The “abject failure” to move people out of these woeful environments is clear. The piece in today’s Guardian looks at this issue, including a report today by Sir Stephen Bubb, Winterbourne View – Time to Change and the momentum for change driven by families and campaigners.

Assessment and treatment centres are inappropriate institutions, modern day versions of the prison-like settings we thought we’d dismantled years ago - holding pens in which to warehouse some of society’s most vulnerable people.

Read that first sentence again – two people died (they had no life-threatening illnesses) in a clinical environment where they were placed for care, assessment and treatment – and ask how it is possible that we can let this happen?

Why “we”? Because of the collective responsibility: public and private sector funders enable these places to be created; health and social care providers run them; commissioners place people in them; politicians and policy makers seem unable to hold anyone to account for them; there is little mainstream interest media reporting in this area and the public – beyond shock at the odd high profile headline – is generally apathetic.

The fact that there have been two deaths in the three years since we’re meant to have eradicated these kinds of places is starkly made by Sara Ryan in today’s Guardian. She describes such units as “waste bins of life”.

Sara’s son Connor Sparrowhawk (aka Laughing Boy or LB) died a preventable death last year in a Southern Health NHS unit, and the widespread outrage that followed created the Justice for LB campaign with the related 107 Days drive, and draft disability rights legislation in LB’s name, the LB Bill.

It’s hoped that a green paper in February next year will reflect some elements of the bill.

Disability and human rights barrister Steve Broach, who is helping to draft the bill alongside Connor’s parents (Sara Ryan and Richard Huggins), Mark Neary and George Julian, says the project is using social media to galvanise a diverse community, including people with disabilities, professionals, families and academics. “We’re trying to crowdsource changes to the law – people are patronised and it’s wrongly assumed that disabled people and their families cannot understand their legal rights,” says Broach.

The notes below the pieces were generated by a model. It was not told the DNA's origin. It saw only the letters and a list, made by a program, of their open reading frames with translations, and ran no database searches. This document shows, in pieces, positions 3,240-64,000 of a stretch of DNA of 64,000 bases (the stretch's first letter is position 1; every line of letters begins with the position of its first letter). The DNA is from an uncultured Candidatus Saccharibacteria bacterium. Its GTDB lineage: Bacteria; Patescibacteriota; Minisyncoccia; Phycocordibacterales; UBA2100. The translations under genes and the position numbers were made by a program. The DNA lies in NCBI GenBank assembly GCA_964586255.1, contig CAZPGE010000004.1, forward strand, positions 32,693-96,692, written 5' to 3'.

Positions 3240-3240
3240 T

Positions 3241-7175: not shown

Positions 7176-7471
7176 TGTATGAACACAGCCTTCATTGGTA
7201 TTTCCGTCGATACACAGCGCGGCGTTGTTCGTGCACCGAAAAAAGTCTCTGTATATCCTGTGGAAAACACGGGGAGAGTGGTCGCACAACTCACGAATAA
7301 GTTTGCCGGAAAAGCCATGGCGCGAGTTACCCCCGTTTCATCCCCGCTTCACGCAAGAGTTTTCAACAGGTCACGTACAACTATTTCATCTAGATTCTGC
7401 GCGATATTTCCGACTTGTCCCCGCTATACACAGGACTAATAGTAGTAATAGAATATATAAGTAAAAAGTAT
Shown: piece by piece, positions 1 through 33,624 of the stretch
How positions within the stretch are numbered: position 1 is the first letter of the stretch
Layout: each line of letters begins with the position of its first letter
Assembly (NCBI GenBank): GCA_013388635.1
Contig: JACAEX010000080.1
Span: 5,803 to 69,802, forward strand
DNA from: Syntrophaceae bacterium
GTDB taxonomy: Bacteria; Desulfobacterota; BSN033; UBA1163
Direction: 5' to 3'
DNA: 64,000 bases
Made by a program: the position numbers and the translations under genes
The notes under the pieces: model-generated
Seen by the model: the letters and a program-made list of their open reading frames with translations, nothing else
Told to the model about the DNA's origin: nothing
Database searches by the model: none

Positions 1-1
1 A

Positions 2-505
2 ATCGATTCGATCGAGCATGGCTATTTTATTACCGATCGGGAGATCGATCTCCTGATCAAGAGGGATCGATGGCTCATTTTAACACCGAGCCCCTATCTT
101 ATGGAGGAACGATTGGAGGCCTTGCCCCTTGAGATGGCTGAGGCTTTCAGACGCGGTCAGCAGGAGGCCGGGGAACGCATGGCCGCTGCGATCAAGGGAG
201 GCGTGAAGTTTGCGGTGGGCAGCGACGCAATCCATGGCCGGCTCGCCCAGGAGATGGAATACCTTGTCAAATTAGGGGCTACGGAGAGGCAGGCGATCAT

Kevin Healey, campaigner for autism rights who has supported three of the families mentioned in the piece today, says that people are effectively “penalised for having a learning disability or autism”. He says the successful campaigns to return people home are vital, but rare.

Healey adds: “It’s like we’re going back to the days of the 1940s when people with autism used to be institutionalised, but this is the 21st century.” Healey warns that where the authorities return people home, it is important to protect and preserve any new community-based packages of care amid the sweeping welfare cuts.

One mother, Leo Andrade-Martinez, told me of the son she is campaigning for (Stephen has been moved 80 miles away from home and restricted to a two-hour weekly visit from his parents) that “no one should suffer like this”.

Her words are horribly familiar to anyone interested in disability rights.

For more than 20 years – from 1993’s Mansell Report to the 2006 Our Health, Our Care, Our Say white paper, it’s been clear what “good looks like” when it comes to supporting people with learning disabilities. But still, seeing it in practice is the exception and not the rule.

You can read the full piece in The Guardian here.

Links for further reading:
* Petitions for Tianze Ni and Stephen Andrade-Martinez, both in units miles from their families. Website for campaigner Kevin Healey involved in the family campaigns.

* New Justice for LB website from where you can access different parts of the campaign and the latest updates, including news on the private members bill for disability rights

* The story of how the LB Bill is being shaped through crowdsourcing

Posted in Disability, Learning disability, Social care, Uncategorized | Tagged , | 5 Comments